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Corn+Soybean Digest

Twice As Nice

Double spray nozzles cut costs, not control

If two heads are better than one, as the old saying goes, should two nozzles together work better on your sprayer? Researchers at Ohio State University (OSU) say yes. And they've developed and patented a sprayer to prove their point.

The double-nozzle technology uses half as much chemical, or less, as a standard sprayer, but provides equal or better results. In tests with Roundup, the scientists found that they could apply 33%, 50%, 75% or 100% of the label rate and get better results in each case than using an 80% rate with a standard sprayer.

The double-nozzle design evolved from research aimed at discovering why small droplets work better than larger ones in laboratory tests, but never work as well under field conditions. The scientists discovered that large droplets aren't very effective as chemical carriers, but they're needed to carry the smaller droplets into the canopy. The smaller drops "draft" behind the larger droplets and then attach to the plant rather than drift off into the environment.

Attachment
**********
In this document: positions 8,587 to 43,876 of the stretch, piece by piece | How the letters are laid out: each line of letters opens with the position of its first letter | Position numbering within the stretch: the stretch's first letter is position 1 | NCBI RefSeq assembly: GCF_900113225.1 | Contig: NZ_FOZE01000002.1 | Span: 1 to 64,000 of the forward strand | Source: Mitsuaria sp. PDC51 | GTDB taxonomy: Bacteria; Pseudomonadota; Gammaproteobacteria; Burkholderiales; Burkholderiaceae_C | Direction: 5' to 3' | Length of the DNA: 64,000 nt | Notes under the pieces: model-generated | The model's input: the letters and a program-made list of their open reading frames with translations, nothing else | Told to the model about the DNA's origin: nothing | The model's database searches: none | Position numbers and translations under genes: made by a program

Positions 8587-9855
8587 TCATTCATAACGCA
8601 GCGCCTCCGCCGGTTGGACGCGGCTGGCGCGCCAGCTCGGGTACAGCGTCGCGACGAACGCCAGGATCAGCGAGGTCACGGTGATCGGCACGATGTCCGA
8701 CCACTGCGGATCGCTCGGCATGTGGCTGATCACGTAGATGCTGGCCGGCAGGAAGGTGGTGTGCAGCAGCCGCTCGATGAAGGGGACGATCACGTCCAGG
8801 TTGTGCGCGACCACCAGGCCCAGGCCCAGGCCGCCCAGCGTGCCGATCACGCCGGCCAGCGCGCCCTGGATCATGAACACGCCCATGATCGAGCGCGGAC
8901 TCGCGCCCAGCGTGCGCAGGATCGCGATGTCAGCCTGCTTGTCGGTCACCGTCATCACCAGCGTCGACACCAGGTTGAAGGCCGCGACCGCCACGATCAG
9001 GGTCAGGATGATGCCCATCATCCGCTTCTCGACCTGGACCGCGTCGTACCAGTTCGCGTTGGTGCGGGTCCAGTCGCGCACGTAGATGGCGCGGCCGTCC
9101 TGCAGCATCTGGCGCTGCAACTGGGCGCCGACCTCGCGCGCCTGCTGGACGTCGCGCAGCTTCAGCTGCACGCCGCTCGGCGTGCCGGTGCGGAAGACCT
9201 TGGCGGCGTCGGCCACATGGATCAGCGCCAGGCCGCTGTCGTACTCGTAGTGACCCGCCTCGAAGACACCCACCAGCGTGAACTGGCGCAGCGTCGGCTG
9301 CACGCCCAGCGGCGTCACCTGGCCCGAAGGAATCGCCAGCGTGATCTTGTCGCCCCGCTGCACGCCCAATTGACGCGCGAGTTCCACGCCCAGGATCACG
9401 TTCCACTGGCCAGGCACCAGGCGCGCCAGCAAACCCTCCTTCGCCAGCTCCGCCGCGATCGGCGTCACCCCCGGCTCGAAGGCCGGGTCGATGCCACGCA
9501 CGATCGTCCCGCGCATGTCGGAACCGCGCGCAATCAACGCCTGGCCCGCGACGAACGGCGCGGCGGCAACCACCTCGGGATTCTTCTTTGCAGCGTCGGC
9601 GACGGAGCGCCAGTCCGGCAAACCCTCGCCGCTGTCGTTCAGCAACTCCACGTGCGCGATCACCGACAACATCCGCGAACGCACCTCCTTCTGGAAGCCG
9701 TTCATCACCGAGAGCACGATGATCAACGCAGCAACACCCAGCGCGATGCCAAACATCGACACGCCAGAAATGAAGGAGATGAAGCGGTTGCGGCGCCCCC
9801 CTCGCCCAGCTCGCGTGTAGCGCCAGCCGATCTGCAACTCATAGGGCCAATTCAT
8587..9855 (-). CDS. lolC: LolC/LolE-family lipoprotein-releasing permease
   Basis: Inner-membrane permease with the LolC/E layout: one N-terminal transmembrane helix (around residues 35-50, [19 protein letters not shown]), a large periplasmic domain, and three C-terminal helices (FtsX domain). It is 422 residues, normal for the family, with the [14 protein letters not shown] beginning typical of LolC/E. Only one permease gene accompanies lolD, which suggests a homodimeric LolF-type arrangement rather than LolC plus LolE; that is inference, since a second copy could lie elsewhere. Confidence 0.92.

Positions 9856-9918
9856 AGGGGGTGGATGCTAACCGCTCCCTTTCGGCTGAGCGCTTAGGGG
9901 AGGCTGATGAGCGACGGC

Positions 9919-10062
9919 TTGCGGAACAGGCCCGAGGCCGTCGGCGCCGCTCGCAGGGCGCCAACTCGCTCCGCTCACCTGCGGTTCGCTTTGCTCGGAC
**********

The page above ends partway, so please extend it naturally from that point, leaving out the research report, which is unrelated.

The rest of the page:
"So the question was how to put only water into the big droplets and only pesticide into the small droplets," says OSU entomologist Robin Taylor.

"The answer was the double-nozzle sprayer that uses one nozzle to shoot a fine spray of pesticide into the spray pattern of a second nozzle that creates coarse droplets of water," he says. "The big droplets pull the small ones into the crop, but they don't carry pesticide and they don't contaminate the environment."

OSU owns the patent for its double-nozzle system and is licensing it to Spray Redux LLC, Cleveland, OH. A retrofit kit for a typical 20-nozzle sprayer is $2,200. For more information, contact Spray Redux at 216-432-4198.

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